Your wrist is made up of eight small bones known as carpals.
Your wrist is made up of eight small bones known as carpals. They support a tube that runs through your wrist. That tube, called the carpal tunnel, has tendons and a nerve inside. It is covered by a ligament, which holds it in place.
Wrist pain is common. Repetitive motion can damage your wrist. Everyday activities like typing, racquet sports or sewing can cause pain, or even carpal tunnel syndrome. Wrist pain with bruising and swelling can be a sign of injury. The signs of a possible fracture include misshapen joints and inability to move your wrist. Some wrist fractures are a result of osteoporosis.
Other common causes of pain are
- Sprains and strains
- Gout and pseudogout
Get emergency care if:
- You are unable to move your wrist, hand or a finger.
- Your wrist, hand, or fingers are misshapen.
- You are bleeding significantly.
Call your doctor right away if you have any of the following:
- Fever over 100°F (37.7°C)
- Swelling and redness of your wrist and you have had a recent illness (like a virus or other infection).
Call your doctor for an appointment if have any of the following:
- Swelling, redness or stiffness in one or both wrists
- Numbness, tingling, or weakness in the wrist, hand, or fingers with pain
- Lost any muscle mass in the wrist, hand, or fingers
- Still have pain even after following self-care treatments for 2 weeks
Carpal tunnel syndrome: A common cause of wrist pain is carpal tunnel syndrome. You may feel aching, burning, numbness, or tingling in your palm, wrist, thumb, or fingers. The thumb muscle can become weak, making it difficult to grasp things. Pain may go up to your elbow.
Carpal tunnel syndrome occurs when the median nerve gets compressed at the wrist because of swelling. This is the nerve in the wrist that allows feeling and movement to parts of the hand. Swelling can occur if you:
Do repetitive movements with your wrist, such as typing on a computer keyboard, using a computer mouse, playing racquetball or handball, sewing, painting, writing, or using a vibrating tool
Are pregnant, menopausal, or overweight
Have diabetes, premenstrual syndrome, an underactive thyroid, or rheumatoid arthritis
Injury: Wrist pain with bruising and swelling is often a sign of an injury. Signs of a possible broken bone include deformed joints and inability to move the wrist, hand, or a finger. There can also be cartilage injuries in the wrist. Other common injuries include sprain, strain, tendinitis, and bursitis.
Arthritis: Arthritis is another common cause of wrist pain, swelling, and stiffness. There are many types of arthritis:
Osteoarthritis occurs with age and overuse.
Rheumatoid arthritis generally affects both wrists.
Psoriatic arthritis accompanies psoriasis.
Infectious arthritis is a medical emergency. Signs of an infection include redness and warmth of the wrist, fever above 100°F (37.7°C), and recent illness.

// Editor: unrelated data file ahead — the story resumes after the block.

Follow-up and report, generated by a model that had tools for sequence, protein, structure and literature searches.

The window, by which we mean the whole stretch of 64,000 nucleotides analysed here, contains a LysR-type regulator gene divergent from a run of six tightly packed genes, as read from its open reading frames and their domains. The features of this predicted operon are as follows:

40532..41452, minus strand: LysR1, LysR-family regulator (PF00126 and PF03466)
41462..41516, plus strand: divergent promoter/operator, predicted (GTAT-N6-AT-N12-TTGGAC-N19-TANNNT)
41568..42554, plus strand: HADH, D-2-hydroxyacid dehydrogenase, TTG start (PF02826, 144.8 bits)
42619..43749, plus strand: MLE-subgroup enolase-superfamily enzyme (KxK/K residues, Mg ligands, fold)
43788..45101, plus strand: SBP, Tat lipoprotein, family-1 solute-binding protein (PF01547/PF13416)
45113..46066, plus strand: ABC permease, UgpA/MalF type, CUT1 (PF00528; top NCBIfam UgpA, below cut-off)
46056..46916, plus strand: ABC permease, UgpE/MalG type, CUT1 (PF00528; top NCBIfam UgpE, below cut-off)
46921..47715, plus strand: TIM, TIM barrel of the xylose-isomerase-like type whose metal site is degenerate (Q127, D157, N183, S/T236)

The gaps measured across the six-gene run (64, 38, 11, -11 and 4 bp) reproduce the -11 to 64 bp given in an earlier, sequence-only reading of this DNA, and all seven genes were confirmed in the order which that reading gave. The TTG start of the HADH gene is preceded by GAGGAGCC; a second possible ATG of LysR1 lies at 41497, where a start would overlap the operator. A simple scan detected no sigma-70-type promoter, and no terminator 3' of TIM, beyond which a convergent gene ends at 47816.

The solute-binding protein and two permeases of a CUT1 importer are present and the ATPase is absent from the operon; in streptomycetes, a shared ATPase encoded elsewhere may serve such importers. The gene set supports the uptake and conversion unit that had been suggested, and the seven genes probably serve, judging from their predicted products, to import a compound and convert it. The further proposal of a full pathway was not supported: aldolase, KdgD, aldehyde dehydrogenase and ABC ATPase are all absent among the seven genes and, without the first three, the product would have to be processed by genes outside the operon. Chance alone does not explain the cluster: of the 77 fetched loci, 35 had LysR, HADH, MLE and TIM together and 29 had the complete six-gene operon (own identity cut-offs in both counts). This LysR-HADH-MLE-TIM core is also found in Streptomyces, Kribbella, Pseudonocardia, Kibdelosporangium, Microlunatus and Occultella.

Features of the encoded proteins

Gout: This occurs when your body produces too much uric acid, a waste product. The uric acid forms crystals in the joints, rather than being excreted in the urine.
Pseudogout: This occurs when calcium deposits in the joints, causing pain, redness, and swelling. The wrists and knees are most often affected.
For carpal tunnel syndrome, you may need to make adjustments to your work habits and environment:
- Make sure that your keyboard is low enough that your wrists are not bending upward while you type.
- Take plenty of breaks from activities that aggravate the pain. When typing, stop often to rest the hands, if only for a moment. Rest your hands on their sides, not the wrists.
- An occupational therapist can show you ways to ease pain and swelling and stop the syndrome from coming back.
- Over-the-counter pain medicines, such as ibuprofen or naproxen, can relieve pain and swelling.
- Various, typing pads, split keyboards, and wrist splints (braces) are designed to relieve wrist pain. These may help symptoms. Try a few different kinds to see if any help.
- You may only need to wear a wrist splint at night while you sleep. This helps reduce the swelling. If this does not help, you may need to wear the splint during the day as well.
- Apply warm or cold compresses a few times during the day.
For a recent injury:
- Rest your wrist. Keep it elevated above the heart level
- Apply ice to the tender and swollen area.
- Take over-the-counter pain medicines, such as ibuprofen or acetaminophen. Follow package instructions on how much to take. DO NOT take more than the recommended amount. Wear a splint for several days. Wrist splints can be purchased at many drugstores and medical supply stores.
For non-infectious arthritis:
- Do flexibility and strengthening exercises every day. Work with a physical therapist to learn the best and safest exercises for your wrist.
- Try the exercises after a hot bath or shower so that your wrist is warmed up and less stiff.
- DO NOT do exercise when your wrist is inflamed.
- Make sure that you also rest the joint. Both rest and exercise are important when you have arthritis.